Transphorm Inc. (Goleta, Calif.), a 2007 startup using gallium nitride for power switching applications, is going to take over Fujitsu Semiconductor's GaN power business.
In return, Fujitsu will take a minority equity position in Transphorm and provide the company with manufacturing capacity. Fujitsu will also embed GaN power devices in Fujitsu products as part of energy-saving initiatives. Fujitsu Semiconductor's Aizu-Wakamatsu wafer fab will be put on an exclusive contract to process wafers for Transphorm.
Fujitsu will continue to operate its GaN RF device business and to conduct R&D on GaN for RF and power supply modules, the company said.
Transphorm's GaN-on-silicon technology combines the inherent benefit of GaN material together with the lower cost of making circuits on 6-inch and 200mm diameter silicon wafers for which manufacturing equipment is readily available. Transphorm is among a group of companies seeking to leverage the inherent efficiency of GaN and its capability for high-speed switching to reduce energy loses in such gear as switch-mode power supplies, variable-frequency motor drives and solar inverters.
Fujitsu's decision to back Transphorm is an endorsement of the startup's technology. The combination of Fujitsu Semiconductor GaN power and Transphorm is intended to bring GaN power device to market quickly and in volume, the two companies said in a statement. The value of the deal was not disclosed.
Transphorm's approach includes manufacturing; it has a pilot line at its headquarters where it forms epitaxial GaN on top of silicon wafers prior to forming power transistors. These transistors can display breakdown voltages in excess of 600V making them suitable for main electricity supply applications.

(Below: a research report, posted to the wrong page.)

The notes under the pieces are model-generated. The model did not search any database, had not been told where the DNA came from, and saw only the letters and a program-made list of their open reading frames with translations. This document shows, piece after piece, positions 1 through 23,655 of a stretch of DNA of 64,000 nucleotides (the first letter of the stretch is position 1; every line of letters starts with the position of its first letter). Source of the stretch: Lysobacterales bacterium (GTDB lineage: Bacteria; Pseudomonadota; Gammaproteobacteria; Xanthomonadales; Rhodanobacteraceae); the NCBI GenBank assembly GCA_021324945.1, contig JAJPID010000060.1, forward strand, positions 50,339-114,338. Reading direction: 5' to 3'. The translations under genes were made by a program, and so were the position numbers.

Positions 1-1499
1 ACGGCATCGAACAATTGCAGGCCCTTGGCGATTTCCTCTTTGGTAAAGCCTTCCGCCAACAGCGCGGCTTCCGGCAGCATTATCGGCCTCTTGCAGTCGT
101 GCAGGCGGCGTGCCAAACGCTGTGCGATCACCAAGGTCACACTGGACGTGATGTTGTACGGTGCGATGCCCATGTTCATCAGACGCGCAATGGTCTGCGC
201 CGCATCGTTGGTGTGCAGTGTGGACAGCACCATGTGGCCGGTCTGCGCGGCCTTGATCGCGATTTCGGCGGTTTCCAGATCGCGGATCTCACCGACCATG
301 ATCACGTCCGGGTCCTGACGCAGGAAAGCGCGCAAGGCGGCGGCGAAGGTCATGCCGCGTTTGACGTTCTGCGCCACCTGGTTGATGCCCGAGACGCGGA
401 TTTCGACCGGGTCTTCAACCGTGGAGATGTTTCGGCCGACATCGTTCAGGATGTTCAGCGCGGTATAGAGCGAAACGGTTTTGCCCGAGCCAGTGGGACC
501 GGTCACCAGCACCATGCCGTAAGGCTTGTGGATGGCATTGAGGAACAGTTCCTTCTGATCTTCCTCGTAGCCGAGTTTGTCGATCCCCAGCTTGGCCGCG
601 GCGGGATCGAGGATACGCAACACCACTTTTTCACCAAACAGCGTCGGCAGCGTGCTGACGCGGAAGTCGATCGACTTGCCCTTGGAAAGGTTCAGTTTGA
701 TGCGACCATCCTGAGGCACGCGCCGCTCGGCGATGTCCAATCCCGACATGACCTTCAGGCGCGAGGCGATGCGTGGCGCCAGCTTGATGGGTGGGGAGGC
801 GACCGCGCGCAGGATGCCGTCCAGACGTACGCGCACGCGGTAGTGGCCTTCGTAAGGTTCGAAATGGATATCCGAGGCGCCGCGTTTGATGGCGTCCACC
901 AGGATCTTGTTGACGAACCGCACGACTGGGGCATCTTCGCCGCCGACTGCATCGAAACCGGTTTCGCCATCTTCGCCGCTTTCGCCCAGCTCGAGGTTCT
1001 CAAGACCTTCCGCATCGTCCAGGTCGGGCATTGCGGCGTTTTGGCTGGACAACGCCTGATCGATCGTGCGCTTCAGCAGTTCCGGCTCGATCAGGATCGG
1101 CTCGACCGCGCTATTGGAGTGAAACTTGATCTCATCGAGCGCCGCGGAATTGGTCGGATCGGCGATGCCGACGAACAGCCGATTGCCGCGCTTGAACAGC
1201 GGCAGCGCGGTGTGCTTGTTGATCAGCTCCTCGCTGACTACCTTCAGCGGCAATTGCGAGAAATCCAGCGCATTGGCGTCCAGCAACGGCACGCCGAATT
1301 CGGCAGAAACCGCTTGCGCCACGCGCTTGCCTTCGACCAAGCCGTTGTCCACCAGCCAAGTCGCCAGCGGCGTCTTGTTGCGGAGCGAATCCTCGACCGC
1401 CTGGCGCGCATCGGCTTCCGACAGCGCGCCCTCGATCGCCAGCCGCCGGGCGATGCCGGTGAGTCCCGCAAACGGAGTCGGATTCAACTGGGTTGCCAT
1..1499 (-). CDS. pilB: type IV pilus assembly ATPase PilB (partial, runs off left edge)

The company, although based in southern California has strong Japanese connections. In October 2012 it announced the closing of a $35 million financing round led by Innovation Network Corp. of Japan (INCJ) and Nihon Inter Electronics Co. (NIEC). In May of 2013 Transphorm announced that Fumihide Esaka would take the position of CEO at Transphorm. Esaka was previously the CEO of NIEC.
Esaka replaced Transphorm co-founder Umesh Mishra, who is a professor in the Electronics and Computer Engineering department at the University of California, Santa Barbara, where he has been director of several GaN research centers. Mishra continues as an academic and as chief technology officer of Transphorm.
"Integrating Transphorm's operations with Fujitsu will enable high-volume and high-performance GaN power device production at Aizu-Wakamatsu, and we will also benefit from Fujitsu's strong technological capabilities underpinned by Fujitsu Groups' years of developments in the field of GaN power device," said Esaka, in a statement.
"We have positioned GaN power devices as one of our future core products for the Aizu-Wakamatsu plant. The integration announced today will enable us to collaborate with Transphorm and leverage their technologies to accelerate the drive to mass production, and, we anticipate, contribute to the vitality of the Aizu-Wakamatsu region," said Haruki Okasa, president of Fujitsu Semiconductor, in the same statement.
To execute the merger Fujitsu and Fujitsu Semiconductor will establish a company in Japan that contains the combined design and development assets as well as intellectual property rights in GaN power devices. That company will then become a wholly-owned subsidiary of Transphorm Inc. Fujitsu will also make a cash investment in Transphorm the size of which was not disclosed.
The employees at Fujitsu and Fujitsu Semiconductor who are directly involved in the GaN power device business will be reassigned to the new company.